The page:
A Sonnet For My White Grandmother

Mother of my father I did not know

Sometimes her name escapes my memory

The gray on her head I never saw grow

Picture unrecognized when it I see.

This little brown baby a source of shame

Mirror reflecting, are her eyes my own?

Never to hear her voice calling my name

Her last breath I was fifteen, not yet grown.

Knowing me not did she ever regret?

For regret stakes claim to this broken heart

How to love when there’s nothing to forget?

No time together, nor time spent apart.

One day her hand will surely smooth my hair

For her soul till then I offer my prayer.


thailandchani said…

I suspect she would have been delighted to know you, to watch you grow into the attractive, intelligent woman you are today. The damage done in those times still bites all of us today. It's hard to imagine it now.
Anonymous said…
Racism and Classism has by my mothers mother, my grandmother, has caused UNMEASURABLE pain and separation in my family. Thus I thank you for this poem!
Anonymous said…
That's lovely! I'm sorry she didn't get the opportunity to know you - what a loss for her! People allow the stupidest things to get between them.

(((hug))) You are more valuable than your skin or even your hair.
Liz Dwyer said…
It does still bite. She died too young so I'll never know if she would've changed her mind and come around as she got older. I imagine she must be blessing me in some way and I certainly pray for her.

Thanks for sharing that. It does still happen, more than we all care to admit and the pain such disunity causes in families is horrible.

I'm sorry too and thank you for the hug. There's a lot of questions I have that I would've liked to ask her. And I the lack of relationship with my dad hurt him so much. It is a quite painful thing.
Jen said…
Oh, Liz, how tragic. I'm sorrier for her loss than for yours, in the sense that she was clearly a person who needed to grow beyond her narrow vision, and she missed out on the wonder that is you.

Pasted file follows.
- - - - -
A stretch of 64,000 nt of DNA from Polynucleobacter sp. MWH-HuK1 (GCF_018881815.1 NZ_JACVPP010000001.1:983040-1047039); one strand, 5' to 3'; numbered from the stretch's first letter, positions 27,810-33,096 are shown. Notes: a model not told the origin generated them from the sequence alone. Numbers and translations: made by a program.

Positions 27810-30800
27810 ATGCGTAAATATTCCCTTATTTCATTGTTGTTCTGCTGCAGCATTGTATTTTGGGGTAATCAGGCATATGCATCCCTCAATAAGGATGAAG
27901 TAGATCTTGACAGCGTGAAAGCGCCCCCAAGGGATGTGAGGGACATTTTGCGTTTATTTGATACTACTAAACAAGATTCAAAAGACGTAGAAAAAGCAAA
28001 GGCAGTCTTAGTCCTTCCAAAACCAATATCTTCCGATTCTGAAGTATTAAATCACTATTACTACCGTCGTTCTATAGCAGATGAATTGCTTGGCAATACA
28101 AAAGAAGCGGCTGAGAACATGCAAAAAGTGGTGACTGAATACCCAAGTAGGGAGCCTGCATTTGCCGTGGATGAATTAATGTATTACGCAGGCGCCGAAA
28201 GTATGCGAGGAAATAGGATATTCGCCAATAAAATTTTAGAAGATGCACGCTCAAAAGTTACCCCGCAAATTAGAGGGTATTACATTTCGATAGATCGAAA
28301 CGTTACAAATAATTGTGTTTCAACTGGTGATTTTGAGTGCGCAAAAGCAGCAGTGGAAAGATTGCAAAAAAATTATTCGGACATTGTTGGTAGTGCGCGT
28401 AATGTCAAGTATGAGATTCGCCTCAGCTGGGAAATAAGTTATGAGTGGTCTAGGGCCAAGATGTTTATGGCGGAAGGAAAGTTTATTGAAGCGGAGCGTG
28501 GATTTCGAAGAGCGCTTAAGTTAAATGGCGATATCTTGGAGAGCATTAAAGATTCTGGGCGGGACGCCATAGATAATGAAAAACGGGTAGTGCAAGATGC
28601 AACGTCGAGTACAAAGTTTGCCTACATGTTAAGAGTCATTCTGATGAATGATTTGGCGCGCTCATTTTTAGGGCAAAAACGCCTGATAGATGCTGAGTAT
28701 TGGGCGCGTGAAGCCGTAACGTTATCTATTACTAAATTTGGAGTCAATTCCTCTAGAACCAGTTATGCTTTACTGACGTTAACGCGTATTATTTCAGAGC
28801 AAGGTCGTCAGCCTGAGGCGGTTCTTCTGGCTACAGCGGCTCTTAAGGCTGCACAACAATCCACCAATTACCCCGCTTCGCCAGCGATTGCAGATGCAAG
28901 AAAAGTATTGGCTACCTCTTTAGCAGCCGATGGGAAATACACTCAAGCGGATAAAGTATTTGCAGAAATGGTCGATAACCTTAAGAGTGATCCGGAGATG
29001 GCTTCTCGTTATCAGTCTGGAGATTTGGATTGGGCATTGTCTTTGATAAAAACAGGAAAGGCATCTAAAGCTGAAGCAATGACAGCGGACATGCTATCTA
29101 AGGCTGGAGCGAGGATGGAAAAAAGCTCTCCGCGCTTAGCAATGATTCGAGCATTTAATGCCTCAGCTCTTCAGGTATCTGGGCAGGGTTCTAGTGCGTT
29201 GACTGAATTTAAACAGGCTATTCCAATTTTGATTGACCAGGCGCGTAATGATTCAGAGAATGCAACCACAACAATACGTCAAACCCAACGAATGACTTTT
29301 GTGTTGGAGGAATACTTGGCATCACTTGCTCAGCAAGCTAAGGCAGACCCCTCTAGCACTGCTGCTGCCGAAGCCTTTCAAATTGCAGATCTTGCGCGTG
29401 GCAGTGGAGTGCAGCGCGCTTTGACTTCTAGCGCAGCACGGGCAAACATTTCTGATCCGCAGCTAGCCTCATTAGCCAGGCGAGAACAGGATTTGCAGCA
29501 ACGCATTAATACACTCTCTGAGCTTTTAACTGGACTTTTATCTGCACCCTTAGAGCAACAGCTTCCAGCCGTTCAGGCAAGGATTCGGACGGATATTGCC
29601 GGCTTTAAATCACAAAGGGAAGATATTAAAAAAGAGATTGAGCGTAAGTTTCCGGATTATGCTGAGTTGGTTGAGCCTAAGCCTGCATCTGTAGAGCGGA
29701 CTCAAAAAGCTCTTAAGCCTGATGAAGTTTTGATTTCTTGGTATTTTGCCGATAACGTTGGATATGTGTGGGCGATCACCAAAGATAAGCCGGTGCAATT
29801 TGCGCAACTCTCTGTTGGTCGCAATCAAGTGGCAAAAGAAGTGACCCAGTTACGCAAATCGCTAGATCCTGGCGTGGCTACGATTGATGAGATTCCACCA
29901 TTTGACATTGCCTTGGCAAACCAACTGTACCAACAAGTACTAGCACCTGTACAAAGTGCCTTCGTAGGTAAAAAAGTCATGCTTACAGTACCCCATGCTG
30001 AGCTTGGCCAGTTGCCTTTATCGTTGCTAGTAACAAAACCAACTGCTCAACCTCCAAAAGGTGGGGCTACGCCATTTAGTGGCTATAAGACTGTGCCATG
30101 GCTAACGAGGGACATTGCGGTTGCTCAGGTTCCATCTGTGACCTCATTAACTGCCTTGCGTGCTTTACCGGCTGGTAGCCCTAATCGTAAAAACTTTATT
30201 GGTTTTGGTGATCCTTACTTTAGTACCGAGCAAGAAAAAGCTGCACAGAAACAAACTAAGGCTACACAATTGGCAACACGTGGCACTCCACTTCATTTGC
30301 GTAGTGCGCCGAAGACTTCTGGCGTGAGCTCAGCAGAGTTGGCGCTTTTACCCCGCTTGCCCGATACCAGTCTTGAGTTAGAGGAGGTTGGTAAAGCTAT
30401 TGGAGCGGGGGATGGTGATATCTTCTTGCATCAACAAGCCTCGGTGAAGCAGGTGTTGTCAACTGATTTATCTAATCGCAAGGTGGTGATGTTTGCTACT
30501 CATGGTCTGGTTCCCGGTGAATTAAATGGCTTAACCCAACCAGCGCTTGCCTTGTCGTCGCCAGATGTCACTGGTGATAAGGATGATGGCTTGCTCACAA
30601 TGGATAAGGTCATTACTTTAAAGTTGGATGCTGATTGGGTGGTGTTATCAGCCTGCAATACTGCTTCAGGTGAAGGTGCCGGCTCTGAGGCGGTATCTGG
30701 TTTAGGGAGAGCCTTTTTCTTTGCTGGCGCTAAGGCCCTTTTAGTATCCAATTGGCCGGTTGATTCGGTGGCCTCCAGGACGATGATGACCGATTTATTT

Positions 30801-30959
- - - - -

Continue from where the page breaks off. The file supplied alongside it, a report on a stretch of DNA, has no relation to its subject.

When my grandmother entered her last year or so, dementia hit. At that point some of her earlier feelings about Jews came out (I sat there as she went into a diatribe about her Jewish roommate), and that was a shocker (Dad was Jewish and I had been brought up split down the middle), but she'd always been loving and supportive to me and my dad to our faces, and had worked on various civil projects to defeat racism, etc., so it was a completely different situation.
Haute in LA said…
Beautiful. Absolutely beautiful. And I know how deep one has to go to pen such a piece. Writing is always such a journey.

Thanks for sharing this with us.
Miriam said…
That was a very sensitive poem. I think things like that should be published for the next "grandmother" who puts herself in that sorry position of not recognizing a child simply because of a color.

Its a bit upsetting. lol.

Folks (grandmothers especially) need to have some true love in their hearts. What? She couldn't deal? ok. I better stop. lol
Liz Dwyer said…
There's a lot of questions I have about what went down. I know I met her at least once because while looking through some old pictures I found one of toddler me with a woman I didn't recognize and my mom told me it was my grandmother. Before that, I hadn't realized we'd even met. That must have been so hard to hear your grandmother say those things, especially in her last days.

Thanks for reading and commenting on it. She's been on my mind quite a bit lately. I'm not sure why though.

I wish I knew more about what went down. My parents don't really talk about it, but I know my dad's parents did not attend my parent's wedding and I don't know much else. I sometimes empathize with my grandmother though because she was a product of her time and some people were clearly more receptive to interracial relationships than others.

I remember when my uncle called to say that she died. My father was so upset and I felt like I should cry too, and I did a little, but I didn't know her so I was only crying for an idea of a grandmother, for the sense of there being no hope at all for reconciliation, at least not in this earthly existence.
Jameil said…
man that sucks.
Liz Dwyer said…
Yeah, it does, doesn't it?
Tafari said…
Sadly beautiful!

Liz Dwyer said…
Thanks. It's sad but it makes me even more determined to just open my heart to whoever my sons bring home. I never want them to feel this way, never want my own grandkids to feel this way.
Miss Awesome said…
Why would she be in an interracial relationship if she was going to be ashamed by the child it produced?


But still, a beautiful poem.

Popular Posts